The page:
Saturday 22 March 2008


Sylvia Plath reads her own poem:

Wanna get kicked off a plane?

Here's how.

Preserved ephemera

Rummage among the magazine covers and commercial art of bygone days at the Ad Art Gallery.

Hat tip: Ben Locker.

Budge up

Welcome to The Nutshell, said to be England's smallest pub.

Friday 21 March 2008

Making sense of popular music

Christina Aguilera plus text and helpful graphics (4 mins):

Confidence is overrated

Usually it's in inverse proportion to talent, says Christina Patterson.

Useful advice

Paul Boateng - Britain's Obama?

Never say never

Forty years a don

What's improved, what's got worse? John Sutherland weighs it up in 2004.

From the gutter

It had to come: a blog about a puddle.

Friday 14 March 2008

Bodybuilding harms fish!

Ban it NOW:

Food of the Devil

Boris Johnson hates boiled eggs (5 mins):

Jagged visions

Paintings depicting the visual disturbances experienced by some migraine sufferers.

How much do people know about the Commonwealth?

Precious little if they're under twenty-five.


A Seattle bookseller describes the endless war against book thieves. Steerforth adds a British perspective.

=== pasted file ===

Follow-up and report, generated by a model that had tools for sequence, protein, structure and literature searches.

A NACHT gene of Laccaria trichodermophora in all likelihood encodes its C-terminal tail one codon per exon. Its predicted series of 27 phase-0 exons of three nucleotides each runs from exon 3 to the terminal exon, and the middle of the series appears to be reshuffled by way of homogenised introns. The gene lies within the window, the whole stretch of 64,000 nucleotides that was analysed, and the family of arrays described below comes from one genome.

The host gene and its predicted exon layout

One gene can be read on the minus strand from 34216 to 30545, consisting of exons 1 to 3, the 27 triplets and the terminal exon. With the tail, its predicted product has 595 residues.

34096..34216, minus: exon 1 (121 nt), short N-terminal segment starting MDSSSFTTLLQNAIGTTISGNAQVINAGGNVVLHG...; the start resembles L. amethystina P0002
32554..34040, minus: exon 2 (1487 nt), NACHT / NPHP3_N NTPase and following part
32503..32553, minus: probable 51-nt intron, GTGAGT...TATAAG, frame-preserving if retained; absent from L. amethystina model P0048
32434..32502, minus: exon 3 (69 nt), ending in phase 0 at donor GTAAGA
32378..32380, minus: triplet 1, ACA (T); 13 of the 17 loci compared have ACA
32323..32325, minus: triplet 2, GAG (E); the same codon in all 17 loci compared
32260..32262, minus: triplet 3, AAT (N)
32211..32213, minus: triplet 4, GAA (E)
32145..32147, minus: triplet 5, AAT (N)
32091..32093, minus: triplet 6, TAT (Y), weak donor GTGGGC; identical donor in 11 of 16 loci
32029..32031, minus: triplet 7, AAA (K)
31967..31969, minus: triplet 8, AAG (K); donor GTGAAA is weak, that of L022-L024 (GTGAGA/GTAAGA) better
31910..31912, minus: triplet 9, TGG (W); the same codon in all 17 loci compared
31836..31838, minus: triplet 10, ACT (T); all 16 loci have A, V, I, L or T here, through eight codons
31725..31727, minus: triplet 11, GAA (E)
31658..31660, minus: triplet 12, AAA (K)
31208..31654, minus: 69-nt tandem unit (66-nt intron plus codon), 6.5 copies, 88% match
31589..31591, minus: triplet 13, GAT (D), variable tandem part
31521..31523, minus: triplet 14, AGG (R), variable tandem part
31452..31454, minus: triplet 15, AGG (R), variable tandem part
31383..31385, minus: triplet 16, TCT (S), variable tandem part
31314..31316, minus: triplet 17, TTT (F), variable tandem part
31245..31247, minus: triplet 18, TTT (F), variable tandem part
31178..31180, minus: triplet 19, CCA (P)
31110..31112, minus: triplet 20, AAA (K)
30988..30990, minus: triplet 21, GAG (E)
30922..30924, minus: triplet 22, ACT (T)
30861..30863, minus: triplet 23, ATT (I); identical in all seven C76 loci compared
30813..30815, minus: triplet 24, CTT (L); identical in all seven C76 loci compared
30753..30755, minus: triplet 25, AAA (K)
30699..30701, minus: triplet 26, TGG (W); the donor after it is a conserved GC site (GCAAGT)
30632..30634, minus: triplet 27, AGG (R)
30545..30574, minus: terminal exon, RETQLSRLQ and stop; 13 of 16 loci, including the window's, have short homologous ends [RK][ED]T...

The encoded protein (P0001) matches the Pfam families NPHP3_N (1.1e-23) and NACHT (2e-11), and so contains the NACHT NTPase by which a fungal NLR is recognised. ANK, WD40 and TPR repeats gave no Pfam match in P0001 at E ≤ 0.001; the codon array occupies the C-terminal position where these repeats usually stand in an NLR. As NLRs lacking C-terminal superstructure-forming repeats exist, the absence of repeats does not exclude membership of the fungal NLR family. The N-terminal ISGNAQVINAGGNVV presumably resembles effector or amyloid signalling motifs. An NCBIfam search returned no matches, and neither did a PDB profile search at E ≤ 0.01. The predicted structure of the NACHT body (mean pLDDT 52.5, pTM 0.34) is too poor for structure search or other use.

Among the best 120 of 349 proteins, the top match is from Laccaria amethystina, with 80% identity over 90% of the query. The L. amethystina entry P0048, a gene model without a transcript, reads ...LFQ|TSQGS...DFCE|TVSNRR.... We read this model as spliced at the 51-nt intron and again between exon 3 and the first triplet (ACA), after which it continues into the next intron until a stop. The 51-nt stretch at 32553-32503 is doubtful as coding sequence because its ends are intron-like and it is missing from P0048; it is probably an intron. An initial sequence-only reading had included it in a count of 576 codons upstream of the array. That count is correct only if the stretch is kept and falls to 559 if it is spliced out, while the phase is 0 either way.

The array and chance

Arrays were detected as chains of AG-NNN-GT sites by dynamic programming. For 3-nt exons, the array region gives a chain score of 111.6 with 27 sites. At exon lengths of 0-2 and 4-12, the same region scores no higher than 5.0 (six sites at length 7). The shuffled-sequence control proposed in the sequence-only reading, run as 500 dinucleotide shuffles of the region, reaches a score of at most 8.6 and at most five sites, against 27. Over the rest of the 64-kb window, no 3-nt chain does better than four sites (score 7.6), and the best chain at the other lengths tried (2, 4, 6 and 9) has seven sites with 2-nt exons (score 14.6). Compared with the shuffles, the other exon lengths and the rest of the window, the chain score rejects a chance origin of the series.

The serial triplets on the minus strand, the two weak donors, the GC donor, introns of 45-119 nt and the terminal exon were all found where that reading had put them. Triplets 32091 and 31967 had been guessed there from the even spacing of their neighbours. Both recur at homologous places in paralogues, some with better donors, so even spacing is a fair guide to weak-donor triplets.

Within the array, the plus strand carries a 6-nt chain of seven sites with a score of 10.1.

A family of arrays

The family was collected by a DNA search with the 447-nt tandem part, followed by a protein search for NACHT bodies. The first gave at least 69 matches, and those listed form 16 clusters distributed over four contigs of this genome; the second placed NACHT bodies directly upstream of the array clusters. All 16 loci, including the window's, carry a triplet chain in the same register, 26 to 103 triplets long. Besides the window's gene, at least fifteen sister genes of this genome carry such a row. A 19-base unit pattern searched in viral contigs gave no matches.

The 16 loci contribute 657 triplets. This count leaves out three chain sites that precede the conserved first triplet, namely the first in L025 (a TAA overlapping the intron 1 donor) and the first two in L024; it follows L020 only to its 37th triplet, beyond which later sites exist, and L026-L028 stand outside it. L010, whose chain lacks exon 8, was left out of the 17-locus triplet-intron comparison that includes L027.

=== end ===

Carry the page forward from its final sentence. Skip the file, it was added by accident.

Not just me then

34,000 of us still have black and white television licences.

Tuesday 11 March 2008

Taking over from Hitler

Mitchell and Webb imagine being Grand Admiral Karl Dönitz (3 minutes):

Remembered together

A new monument to the Oxford martyrs - Catholic and Protestant - of the Reformation centuries.

What the (family) papers say

More light on whether army surgeon James Barry was really a woman.

Beer-pouring robot

Everybody needs him.

Are you sad enough?

This web page wants reviews of Webside Gleanings.

Monday 10 March 2008

Two voices from Cardiff

Cerys Matthews ruthlessly makes-over Ivor Novello's We'll Gather Lilacs:

Not yet faded

At the White House last week: Frank Woodruff Buckles, the last known surviving American-born veteran of World War One. He endured three years in a Japanese prisoner-of-war camp too. His Wikipedia entry is delightful.

All hail the Victorian Society

Fifty years fighting the wrecking ball.

The hills are corrupt

Watching The Sound of Music harms your soul.

Ten minutes with Hoagy Carmichael